Why Boston Celtics Should Keep Kevin Garnett and Reload for 2013-14

Ethan GrantAnalyst IFebruary 10, 2013

BOSTON, MA - JANUARY 24:  Kevin Garnett #5 of the Boston Celtics grimaces after coming up with a rebound against the New York Knicks during the game on January 24, 2013 at TD Garden in Boston, Massachusetts. NOTE TO USER: User expressly acknowledges and agrees that, by downloading and or using this photograph, User is consenting to the terms and conditions of the Getty Images License Agreement.  (Photo by Jared Wickerham/Getty Images)
Jared Wickerham/Getty Images

Kevin Garnett has been the focus of trade speculation for most of the month of February, a direct result of the Boston Celtics barely staying in the Eastern Conference playoff race.

However, general manager Danny Ainge should hold on to the future Hall of Famer for at least one more season and see what happens with a full offseason to make improvements to the roster.

The Los Angeles Clippers have been mentioned as a potential trade partner with the Celtics, and the return reportedly could include guard Eric Bledsoe and forward Caron Butler, per Sean Deveney of Sporting News. DeAndre Jordan was also rumored to be a trade chip (as noted by Bill Simmons).

Denver Post reporter Mark Kiszla also reported the Nuggets were interested in bringing in the All-Star to help bolster a potential playoff run in the Western Conference, but that Garnett would veto any potential trade to Colorado.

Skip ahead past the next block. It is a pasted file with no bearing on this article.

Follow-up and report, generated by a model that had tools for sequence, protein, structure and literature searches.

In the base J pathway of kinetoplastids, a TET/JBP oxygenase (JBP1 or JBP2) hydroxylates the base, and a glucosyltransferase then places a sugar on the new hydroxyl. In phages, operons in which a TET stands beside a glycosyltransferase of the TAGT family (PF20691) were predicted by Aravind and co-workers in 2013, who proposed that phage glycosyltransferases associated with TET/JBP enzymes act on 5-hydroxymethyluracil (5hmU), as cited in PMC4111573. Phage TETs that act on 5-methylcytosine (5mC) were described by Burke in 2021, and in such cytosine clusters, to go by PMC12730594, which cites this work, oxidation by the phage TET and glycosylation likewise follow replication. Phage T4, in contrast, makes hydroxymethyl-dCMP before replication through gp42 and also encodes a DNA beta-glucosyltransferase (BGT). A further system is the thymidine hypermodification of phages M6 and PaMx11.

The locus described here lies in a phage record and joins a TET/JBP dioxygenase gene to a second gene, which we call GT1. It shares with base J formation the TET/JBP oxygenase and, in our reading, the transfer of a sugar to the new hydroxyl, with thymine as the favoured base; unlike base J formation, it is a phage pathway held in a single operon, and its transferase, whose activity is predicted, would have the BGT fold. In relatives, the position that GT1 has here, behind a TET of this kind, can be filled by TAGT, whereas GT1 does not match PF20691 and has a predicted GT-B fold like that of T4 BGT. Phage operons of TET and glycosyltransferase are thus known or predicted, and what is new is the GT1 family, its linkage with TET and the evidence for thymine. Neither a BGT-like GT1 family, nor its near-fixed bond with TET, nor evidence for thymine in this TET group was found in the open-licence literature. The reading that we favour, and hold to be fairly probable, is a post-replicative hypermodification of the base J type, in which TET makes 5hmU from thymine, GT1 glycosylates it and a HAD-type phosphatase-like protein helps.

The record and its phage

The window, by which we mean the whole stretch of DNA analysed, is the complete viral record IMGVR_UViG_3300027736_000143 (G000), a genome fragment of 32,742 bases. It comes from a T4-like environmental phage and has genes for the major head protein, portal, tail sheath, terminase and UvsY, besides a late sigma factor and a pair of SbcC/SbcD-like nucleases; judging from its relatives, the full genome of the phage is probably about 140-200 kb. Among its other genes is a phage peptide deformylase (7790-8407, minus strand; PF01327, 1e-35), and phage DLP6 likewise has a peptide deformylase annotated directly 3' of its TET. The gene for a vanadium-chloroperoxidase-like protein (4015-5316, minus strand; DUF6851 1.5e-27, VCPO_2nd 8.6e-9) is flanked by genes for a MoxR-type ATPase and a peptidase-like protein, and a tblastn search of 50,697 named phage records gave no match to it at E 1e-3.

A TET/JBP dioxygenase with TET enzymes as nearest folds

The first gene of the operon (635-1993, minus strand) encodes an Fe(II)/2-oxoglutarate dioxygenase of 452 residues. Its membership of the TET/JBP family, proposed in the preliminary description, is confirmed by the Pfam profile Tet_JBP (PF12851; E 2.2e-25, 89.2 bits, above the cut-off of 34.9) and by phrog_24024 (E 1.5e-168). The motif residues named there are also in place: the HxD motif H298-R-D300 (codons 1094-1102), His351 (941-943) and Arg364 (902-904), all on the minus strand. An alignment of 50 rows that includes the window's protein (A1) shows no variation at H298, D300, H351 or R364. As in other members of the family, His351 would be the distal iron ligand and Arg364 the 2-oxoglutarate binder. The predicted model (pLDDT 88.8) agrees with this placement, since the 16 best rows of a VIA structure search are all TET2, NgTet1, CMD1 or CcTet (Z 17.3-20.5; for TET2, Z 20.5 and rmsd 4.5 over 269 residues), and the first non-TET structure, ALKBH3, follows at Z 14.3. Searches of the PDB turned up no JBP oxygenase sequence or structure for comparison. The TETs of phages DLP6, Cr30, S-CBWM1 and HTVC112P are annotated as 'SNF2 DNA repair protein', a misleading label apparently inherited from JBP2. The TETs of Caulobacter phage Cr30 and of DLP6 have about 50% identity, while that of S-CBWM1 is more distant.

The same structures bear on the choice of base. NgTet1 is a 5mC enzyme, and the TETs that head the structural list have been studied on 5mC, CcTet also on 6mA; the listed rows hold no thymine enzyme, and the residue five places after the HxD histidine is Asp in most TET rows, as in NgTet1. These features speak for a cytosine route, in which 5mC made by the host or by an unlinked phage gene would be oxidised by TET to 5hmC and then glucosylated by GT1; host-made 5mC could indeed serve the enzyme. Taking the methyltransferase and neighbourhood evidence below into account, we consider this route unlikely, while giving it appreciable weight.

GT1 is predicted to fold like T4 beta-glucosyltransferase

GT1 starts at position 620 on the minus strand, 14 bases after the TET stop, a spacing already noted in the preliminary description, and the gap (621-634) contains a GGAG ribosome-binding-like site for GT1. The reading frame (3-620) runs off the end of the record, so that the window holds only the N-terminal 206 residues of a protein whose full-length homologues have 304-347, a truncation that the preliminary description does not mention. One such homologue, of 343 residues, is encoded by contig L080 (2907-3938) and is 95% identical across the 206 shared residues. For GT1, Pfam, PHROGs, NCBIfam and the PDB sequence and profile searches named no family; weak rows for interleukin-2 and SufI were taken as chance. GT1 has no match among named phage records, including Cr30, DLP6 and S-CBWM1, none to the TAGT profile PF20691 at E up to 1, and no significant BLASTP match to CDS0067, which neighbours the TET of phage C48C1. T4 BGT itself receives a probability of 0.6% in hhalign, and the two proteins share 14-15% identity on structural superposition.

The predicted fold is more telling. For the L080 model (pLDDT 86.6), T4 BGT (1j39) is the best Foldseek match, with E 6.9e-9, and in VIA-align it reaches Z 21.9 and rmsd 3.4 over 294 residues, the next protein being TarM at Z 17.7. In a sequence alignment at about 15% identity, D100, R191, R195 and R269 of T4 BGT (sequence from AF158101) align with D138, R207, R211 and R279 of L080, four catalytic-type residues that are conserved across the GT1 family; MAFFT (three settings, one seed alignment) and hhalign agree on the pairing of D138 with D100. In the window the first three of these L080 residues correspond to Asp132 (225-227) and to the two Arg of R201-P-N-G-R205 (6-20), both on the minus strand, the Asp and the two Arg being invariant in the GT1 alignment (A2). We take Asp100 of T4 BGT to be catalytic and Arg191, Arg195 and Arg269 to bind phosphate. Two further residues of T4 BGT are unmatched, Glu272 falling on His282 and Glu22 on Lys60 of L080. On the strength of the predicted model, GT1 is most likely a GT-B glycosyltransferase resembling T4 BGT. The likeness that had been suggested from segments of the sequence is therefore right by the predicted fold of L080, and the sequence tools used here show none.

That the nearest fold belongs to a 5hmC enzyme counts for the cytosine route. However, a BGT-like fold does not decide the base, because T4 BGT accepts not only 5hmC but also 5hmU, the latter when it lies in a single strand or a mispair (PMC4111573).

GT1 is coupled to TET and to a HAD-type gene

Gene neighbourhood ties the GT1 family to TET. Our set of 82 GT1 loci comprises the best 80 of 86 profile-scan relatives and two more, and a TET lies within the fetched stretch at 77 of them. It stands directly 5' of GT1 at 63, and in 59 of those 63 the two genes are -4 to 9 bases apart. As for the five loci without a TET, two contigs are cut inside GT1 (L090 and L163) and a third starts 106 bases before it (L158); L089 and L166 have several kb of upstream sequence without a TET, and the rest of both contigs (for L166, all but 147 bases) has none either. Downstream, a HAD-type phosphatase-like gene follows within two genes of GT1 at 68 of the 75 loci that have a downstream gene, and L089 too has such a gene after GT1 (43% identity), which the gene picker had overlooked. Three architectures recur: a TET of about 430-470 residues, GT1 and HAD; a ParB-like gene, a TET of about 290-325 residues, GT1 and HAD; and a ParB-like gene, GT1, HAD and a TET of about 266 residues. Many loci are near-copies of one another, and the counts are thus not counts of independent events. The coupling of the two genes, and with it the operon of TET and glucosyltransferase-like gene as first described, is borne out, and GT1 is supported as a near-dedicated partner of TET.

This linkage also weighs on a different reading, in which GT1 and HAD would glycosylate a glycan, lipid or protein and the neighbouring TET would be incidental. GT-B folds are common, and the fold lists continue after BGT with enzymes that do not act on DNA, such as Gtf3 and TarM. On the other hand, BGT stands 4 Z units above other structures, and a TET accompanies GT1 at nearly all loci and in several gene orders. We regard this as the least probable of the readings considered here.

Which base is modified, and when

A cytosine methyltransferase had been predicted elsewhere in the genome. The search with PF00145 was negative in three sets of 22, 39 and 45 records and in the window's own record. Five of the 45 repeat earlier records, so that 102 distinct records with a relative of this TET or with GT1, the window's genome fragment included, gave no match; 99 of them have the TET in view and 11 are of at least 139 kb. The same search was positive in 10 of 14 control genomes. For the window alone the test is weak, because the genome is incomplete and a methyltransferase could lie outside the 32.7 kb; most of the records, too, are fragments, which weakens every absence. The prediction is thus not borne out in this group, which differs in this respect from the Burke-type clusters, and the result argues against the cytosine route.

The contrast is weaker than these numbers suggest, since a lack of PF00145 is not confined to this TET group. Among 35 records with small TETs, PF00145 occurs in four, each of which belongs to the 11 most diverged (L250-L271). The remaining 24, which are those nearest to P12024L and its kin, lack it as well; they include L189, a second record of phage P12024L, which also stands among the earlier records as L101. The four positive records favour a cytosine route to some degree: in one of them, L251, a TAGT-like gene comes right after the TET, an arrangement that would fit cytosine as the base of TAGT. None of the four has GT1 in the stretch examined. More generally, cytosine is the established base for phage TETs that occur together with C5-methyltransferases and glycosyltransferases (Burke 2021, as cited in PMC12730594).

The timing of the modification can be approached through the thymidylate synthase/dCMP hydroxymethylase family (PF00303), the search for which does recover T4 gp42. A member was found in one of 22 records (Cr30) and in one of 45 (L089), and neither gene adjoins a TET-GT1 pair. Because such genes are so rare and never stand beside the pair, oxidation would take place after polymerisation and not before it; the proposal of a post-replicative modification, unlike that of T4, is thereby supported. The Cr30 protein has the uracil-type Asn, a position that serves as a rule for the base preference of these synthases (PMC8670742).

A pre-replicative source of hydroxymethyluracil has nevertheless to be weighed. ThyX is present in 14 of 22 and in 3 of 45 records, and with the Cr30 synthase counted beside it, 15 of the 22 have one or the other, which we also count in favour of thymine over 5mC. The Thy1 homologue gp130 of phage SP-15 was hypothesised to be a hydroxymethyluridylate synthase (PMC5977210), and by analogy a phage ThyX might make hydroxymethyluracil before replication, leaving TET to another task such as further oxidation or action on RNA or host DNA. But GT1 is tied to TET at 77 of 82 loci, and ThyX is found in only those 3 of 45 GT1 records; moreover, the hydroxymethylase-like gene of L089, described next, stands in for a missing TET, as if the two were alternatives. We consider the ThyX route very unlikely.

KG is one of four NBA players (Dirk Nowitzki, Kobe Bryant and Tim Duncan are the others) with a no-trade clause in his contract.

On Thursday, Ainge said it's unlikely the Celts will push to make a deal before the Feb. 21 deadline (h/t ESPNBoston.com). He said KG and Paul Pierce have more value to the Celtics than other teams because of their age, and he will have to be blown away by an offer to move either one of his storied Boston stars.

With the Celtics still in playoff contention and Garnett's contract a potential inhibitor, Ainge would do just fine to avoid trade talks and try to make a splash this summer instead.

Although the potential return from Los Angeles would be nice, it would also create a logjam at point guard when Rajon Rondo returns from injury. The potential for a Rondo-Jordan lob fest would be nice, but Jordan is an underdeveloped player on offense who wouldn't bring Garnett-like intensity to work every game.

If the Celtics can find a way to move some of the contracts they took on over the summer (namely guards Jason Terry and Courtney Lee), it would free up cap room and provide playing time for whoever Boston decides to select in the draft. Boston's six-game winning streak since Rondo went down with his ACL injury supports that plan of action.

While the Celtics would benefit from adding a few pieces before the playoffs, they won't benefit from subtracting Garnett from the equation.

Both long-term and short-term, he means too much to the franchise to move in a deal that only helps in the interim. Instead of panicking and blowing it up once and for all, the Celtics should hold on for dear life and not relinquish KG in a desperation move.

In the summer, Ainge will probably have to think long and hard about starting over in Boston. For now, he should let KG and the boys ride it out.